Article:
South Bend uncle, friends, and grandparents,
Vacation haven throughout my youth
Two-week sleepovers or Christmas week,
Thanksgiving four-day weekends,
A quickday cleaning of grandma's house,
Visitation with all our firends,
Nature with my grandfather.
Curtains hung in moth cocoons,
Hatching giant polyphemus and dark red-brown cecropias,
Laying eggs for us to raise.
Monarchs raised and chrysalis hatched,
Covering the house in moth and butterfly beauty.
Racoon raised, a rambunctious ruffian,
Playing, destroying, adorable fun,
Tiny screech owls kept in the basement,
Raise and care for the little one.
On every visit, search for birds,
Upland sandpipers my grandpa's find,
Nesting, wings protecting little ones
Beneath man's wings landing overhead.
A winter showing newfound hybrid duck
On Saint Jo river, swimming calm,
Part merganser, part goldeneye,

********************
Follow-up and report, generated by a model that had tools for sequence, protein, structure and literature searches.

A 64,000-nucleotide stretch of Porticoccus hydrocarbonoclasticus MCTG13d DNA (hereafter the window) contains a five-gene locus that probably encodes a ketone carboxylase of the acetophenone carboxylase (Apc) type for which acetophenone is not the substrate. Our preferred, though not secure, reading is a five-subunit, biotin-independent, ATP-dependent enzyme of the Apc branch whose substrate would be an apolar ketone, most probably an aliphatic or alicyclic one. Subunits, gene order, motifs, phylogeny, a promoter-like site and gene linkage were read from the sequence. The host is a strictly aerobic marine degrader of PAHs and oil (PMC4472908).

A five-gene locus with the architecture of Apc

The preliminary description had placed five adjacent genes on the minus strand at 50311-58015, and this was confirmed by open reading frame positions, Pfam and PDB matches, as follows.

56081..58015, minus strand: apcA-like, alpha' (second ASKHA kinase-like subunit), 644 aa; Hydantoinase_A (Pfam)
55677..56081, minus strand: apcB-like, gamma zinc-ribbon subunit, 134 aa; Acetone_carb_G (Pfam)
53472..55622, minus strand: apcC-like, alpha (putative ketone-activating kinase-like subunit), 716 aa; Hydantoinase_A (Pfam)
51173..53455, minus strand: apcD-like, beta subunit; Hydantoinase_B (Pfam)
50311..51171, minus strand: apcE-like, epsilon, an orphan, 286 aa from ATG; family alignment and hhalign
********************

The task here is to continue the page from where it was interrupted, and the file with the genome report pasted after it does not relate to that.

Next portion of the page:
Lovely in its mixed-up features.
Christmas birdcounts taken out
To do our job for Audubon
I find I have a knack
For finding things no one's seen before,
Perhaps a birding young child's luck
Or inherent from a birding grandpa
Who found hybrid ducks and nesting sandpipers
That none had seen before.
We'd go for daily walks,
Walks wandering through the backstreet fields
Where I first and lastly saw
Hummingbird moths feeding at flowers,
Quickbeat wings' invisible hummings
Fascinating, remarkable joy to life
In bright sunlight flower fields
now vanished under houses' floors.
Into Michigan to introduce
"The Orchid Lady" to a youthful orchid lover,
Then off to show a norther boggy marsh
Filled with hungry pitcher plants scattered with their blooms
And there, close by the edge,
Wild orchids, hot pink glory,
Frilly sun-touched lips of tiny rose pagonias
Among the dark green moss.